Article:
He gets into a scuffle with a journalist, who capitalizes upon Cochran’s recent release, and, to avoid the effects of subsequent opportunism, he ends up in New York, where he meets Ruth Roman at a dime-dancing hall. Basically, the way a dime-dancing hall works is this: you buy a series of tickets and each ticket gets you a minute dancing with a lady. After a minute, a loud buzzing sound emanates. And the lonely male is then forced to either tear off another ticket to dance for another minute, or buy another one. This is, to say the least, a disturbing concept, but apparently a legitimate one in the fifties. Anyway, Cochran is so fixated upon Roman that he follows her home and somehow convinces her to show him New York. But the two of them end up getting involved in a manslaughter self-defense deal, in which Cochran doesn’t really know the facts because he’s so disturbed by holding a gun in his hand again after so long. There’s a spectacular scene involving the unlikely duo sneaking into one of those trucks that carries multiple cars.
The two escape this predicament. And the film deals with the blossoming relationship between Cochran and Roman, which is carried out within a Grapes of Wrath aesthetic. But Cochran is a bit paranoid, given the earlier rumble. And Roman is doing her best to convince Cochran that all is okay. But she’s not your standard nuturer stereotype. Because she’s willing to tell Cochran that his paranoia is getting in the way of his rehabilitation. Indeed, we eventually learn that she’s willing to do anything necessary to keep Cochran in check. The two of them work well with each other.
But I’ll say no more, except that this film really had me floored. I was fascinated with the photography, with its low angles and daring panoramas through windows in the migrant trailer park. I was completely entranced by the characters. While the film felt the need to compensate with some over-the-top narrative components towards the end, Tomorrow‘s success was steeped in its ambitious explorations into rehabilitation, and how humanity at large takes for granted the efforts of recently released prisoners to commingle the real world with the imprisoned one.
The Postman Always Rings Twice (1946): I’ll confess right now that, dated notions of gender roles or no, James M. Cain’s novel is one of the finest examples of to-the-point prose I know. I’ve read the novel four times. I’ll also admit that, despite having seen nearly every other Cain film adaptation (including Mildred Pierce, Double Indemnity, Wife, Husband and Friend and the disappointing Serenade), the 1946 Tay Garnett version eluded me. I had seen the Mamet-Rafelson version of 1981 and was, quite frankly, disappointed. Mamet had taken great care to captue the spirit of the novel. But I’d like to think that what worked in the novel was meant to be confined to the novel. For whatever reason, Cain’s prose couldn’t quite make the cut. And certainly, in 1946, the subject matter was verboten, given the cinematic limitations involving primal lust.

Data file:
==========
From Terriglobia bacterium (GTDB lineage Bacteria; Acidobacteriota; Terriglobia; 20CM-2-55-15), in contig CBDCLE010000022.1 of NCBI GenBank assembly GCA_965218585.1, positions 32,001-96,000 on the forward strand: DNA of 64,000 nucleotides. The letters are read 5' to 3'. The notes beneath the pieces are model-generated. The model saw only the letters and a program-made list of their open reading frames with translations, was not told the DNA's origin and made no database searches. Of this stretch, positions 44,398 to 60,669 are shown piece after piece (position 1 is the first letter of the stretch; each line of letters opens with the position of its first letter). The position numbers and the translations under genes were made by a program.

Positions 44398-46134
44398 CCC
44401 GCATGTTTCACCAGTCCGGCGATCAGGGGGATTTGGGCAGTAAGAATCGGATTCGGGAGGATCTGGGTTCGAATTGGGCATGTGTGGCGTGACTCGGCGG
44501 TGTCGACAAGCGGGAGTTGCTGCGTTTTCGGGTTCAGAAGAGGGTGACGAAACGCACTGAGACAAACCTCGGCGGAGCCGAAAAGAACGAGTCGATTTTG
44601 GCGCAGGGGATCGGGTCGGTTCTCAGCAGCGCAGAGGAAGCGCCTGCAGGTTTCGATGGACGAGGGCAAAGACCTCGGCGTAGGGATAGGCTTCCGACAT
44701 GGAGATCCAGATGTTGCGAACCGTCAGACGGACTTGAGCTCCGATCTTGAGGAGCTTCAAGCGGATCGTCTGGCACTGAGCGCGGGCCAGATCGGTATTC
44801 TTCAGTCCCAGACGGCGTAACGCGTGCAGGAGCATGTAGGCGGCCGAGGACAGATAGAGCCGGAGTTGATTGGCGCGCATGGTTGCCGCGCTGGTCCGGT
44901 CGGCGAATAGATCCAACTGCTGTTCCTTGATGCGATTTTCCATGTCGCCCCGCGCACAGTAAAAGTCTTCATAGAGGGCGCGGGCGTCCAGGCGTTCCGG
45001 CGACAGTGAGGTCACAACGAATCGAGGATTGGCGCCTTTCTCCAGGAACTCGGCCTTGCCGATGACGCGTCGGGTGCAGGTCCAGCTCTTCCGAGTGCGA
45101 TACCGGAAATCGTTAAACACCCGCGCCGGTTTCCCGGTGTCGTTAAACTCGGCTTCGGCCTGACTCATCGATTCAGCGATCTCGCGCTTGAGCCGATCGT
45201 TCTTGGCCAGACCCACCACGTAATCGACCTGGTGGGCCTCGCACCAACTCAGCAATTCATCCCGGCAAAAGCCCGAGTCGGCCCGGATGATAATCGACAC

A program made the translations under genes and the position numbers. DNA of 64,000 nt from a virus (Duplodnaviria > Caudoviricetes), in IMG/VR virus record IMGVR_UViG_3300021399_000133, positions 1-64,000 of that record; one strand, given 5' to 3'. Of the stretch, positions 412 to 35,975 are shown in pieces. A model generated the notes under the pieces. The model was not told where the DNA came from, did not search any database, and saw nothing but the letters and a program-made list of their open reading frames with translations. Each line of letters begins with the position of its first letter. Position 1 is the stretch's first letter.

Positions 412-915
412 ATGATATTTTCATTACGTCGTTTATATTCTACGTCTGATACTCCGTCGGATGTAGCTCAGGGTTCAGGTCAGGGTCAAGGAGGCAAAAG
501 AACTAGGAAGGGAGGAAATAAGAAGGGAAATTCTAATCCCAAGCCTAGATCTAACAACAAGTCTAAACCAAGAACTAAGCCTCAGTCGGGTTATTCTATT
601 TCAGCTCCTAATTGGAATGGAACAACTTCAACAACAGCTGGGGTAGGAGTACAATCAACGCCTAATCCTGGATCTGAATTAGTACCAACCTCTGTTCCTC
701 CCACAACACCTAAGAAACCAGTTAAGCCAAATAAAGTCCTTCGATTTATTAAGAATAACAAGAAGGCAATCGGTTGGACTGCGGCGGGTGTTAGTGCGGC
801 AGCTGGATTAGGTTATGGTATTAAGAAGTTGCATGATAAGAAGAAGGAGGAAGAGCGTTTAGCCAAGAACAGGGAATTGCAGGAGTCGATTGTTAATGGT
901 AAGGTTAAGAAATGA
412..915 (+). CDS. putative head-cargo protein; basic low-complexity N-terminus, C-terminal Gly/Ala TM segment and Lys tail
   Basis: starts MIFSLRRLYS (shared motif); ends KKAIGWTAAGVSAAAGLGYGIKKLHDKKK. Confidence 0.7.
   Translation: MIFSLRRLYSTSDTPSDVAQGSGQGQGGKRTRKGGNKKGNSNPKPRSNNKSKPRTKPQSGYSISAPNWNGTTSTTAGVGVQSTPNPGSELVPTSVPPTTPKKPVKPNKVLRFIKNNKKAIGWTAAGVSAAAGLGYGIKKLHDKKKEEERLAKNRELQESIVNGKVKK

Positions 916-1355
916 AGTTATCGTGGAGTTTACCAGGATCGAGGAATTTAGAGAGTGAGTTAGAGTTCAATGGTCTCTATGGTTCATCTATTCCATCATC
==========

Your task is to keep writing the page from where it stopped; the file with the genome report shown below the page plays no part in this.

Needless to say, aside from Hume Cronyn’s amusing portrayal of attorney Arthur Keats (“I can handle it”), I was disappointed. John Garfield, for one, was too clean-cut and all-American to be that scuzzy guy from the streets so glorified in Cain’s novel. It was as if Tom Hanks was called upon to be the guy who had hopped around on trains. You couldn’t believe him. Instinctively, I could not trust him. It didn’t help that Garfield’s facial expressions were limited to a slight facial tic on his right side and an otherwise blank expression (with endless cutaways during a courtroom scene). Of Lana Turner, little can be said, except that drag queens have plenty of deliberate artifices to pilfer from. Turner was so unconvincing as Cora (not Greek at all here; Papadakis has been diluted to Smith), that I couldn’t imagine any heterosexual male finding anything worthwhile to be attracted to. Her Cora has been dumbed down from the Cora we know in the book. It doesn’t help that anytime Turner and Garfield kiss, the orchestra rises. And we’re left an auditory clue signaling indecent couplings.
The highway dive looks and feels like a soundstage. There wasn’t a whit of dirt or grime, and you couldn’t see dirty dishes. I have to say that, for all of its flaws, I prefer the 1981 version. But even that is not enough. Cain, it would seem, works best on the page. Garnett would go on to direct episodes of Wagon Train and Rawhide. Screenwriter Niven Busch would write the silly Jennifer Jones vehicle Duel in the Sun. Really, you’re better off with Double Indemnity. But then Wilder and Chandler were smart enough to understand what made Cain stick on the screen.